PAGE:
What would it be like to have a drummer’s timing? I wondered. Would you hear the hidden rhythms of everyday life, the syncopations of the street? When I asked the players at Eno’s studio this, they seemed to find their ability as much an annoyance as a gift. Like perfect pitch, which dooms the possessor to hear every false note and flat car horn, perfect timing may just make a drummer more sensitive to the world’s arrhythmias and repeated patterns, Eagleman said—to the flicker of computer screens and fluorescent lights. Reality, stripped of an extra beat in which the brain orchestrates its signals, isn’t necessarily a livelier place. It’s just filled with badly dubbed television shows.

So what does time have to do with the IdeaFestival? Humanity's "extra beat," is according to Eagleman, the time it takes to produce "the best possible story about what’s going on in the world." That extra beat is not the world as it is, but a world that makes sense. Aside from the startling observation that we all, therefore, live ever so briefly in the past, being extra sensitive to "the world's arrhythmias and repeated patterns" is a particularly valuable talent. The world is indeed a livelier place because of it.

There is a great deal of anxiety today about the economy, and understandably so. Peter Van Buren and Tyler Cowen talked at length at the festival about the growing economic divide. So I was encouraged listening to Cowen at the festival when he remarked that those who would succeed would cultivate that "extra beat." Context, an elasticity of thought, a head full of ideas from history, from literature, from the sciences and the arts - these things cannot be duplicated in a world where software has replaced so many jobs. Unlike the ever present ordinating machines we have created, humans know what they know. Nicholas Carr, another favorite thinker of mine, cleverly amplified this point recently on his blog when he said that in the strictest terms, consciousness for computer would be a disaster, a "bug-as-bug, not bug-as-feature."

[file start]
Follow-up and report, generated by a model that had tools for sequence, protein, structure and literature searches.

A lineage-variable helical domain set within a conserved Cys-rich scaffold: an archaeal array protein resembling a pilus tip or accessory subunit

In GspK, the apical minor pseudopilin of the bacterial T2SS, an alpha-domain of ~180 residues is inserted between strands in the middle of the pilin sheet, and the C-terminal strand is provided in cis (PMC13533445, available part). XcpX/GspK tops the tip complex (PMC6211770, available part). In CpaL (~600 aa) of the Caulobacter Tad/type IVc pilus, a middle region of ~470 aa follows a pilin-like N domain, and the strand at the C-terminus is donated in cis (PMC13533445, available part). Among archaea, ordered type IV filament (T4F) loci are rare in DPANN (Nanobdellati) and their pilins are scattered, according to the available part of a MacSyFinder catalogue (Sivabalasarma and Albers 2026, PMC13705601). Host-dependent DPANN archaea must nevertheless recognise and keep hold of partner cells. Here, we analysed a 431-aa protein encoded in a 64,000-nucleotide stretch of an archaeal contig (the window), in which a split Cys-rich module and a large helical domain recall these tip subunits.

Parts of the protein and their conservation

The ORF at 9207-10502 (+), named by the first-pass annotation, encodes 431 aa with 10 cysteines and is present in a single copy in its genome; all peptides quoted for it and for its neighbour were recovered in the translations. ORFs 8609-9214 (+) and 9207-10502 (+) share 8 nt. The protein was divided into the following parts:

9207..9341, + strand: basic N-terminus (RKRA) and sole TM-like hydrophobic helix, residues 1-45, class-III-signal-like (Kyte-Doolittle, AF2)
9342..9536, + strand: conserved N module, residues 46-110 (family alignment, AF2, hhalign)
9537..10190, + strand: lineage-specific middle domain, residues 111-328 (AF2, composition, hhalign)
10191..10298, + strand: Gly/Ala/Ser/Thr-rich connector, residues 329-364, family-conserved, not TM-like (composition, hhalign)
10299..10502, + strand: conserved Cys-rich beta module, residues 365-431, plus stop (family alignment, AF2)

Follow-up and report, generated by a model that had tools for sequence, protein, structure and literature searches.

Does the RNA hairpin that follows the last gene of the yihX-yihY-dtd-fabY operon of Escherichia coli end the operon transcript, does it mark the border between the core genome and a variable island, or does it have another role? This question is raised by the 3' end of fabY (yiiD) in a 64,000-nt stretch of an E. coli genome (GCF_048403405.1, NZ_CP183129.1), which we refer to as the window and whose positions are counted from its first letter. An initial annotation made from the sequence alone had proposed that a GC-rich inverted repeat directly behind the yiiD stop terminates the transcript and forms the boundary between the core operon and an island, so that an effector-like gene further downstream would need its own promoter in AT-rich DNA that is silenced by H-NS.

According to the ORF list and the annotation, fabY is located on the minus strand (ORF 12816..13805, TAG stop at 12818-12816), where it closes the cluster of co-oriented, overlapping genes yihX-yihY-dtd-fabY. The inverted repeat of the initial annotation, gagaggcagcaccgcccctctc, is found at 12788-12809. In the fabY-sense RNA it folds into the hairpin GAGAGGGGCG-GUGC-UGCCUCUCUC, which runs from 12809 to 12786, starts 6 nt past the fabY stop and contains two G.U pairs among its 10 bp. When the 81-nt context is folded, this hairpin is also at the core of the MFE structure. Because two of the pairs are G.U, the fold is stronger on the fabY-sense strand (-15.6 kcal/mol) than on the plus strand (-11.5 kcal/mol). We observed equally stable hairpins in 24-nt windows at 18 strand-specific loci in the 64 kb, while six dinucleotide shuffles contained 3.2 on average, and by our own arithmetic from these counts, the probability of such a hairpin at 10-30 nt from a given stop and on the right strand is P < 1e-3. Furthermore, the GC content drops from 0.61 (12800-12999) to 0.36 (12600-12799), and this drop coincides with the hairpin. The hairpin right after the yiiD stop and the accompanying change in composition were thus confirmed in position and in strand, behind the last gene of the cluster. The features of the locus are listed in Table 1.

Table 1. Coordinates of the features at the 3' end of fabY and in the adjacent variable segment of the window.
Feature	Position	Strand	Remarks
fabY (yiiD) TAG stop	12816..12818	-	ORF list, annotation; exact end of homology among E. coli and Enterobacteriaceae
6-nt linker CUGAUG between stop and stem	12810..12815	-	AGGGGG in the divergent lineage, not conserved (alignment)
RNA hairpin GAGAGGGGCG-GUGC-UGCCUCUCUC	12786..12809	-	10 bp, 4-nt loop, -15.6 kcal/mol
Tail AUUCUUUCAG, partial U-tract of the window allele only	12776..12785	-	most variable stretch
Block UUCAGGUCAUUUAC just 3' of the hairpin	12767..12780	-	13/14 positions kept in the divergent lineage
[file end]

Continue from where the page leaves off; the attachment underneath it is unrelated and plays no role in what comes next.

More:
How sad, then, that we strive to eliminate so much surprise, or quickly discount ideas that fall outside our immediate experience. No one knows - in the moment - what ideas will prove valuable and what ideas will not, and so it's important to be open to them precisely because they are new and different. 

The quote I went looking for turned out to be a prescient comment made by Francis Crick to Eagleman early in the younger man's career, and is quoted in The Possibilian. It goes to the beating heart of discovery, to a danger today of being a prisoner of the moment, and, if I may, of prizing efficiency instead of transcendency. Eventually transcendency suffers the consequences.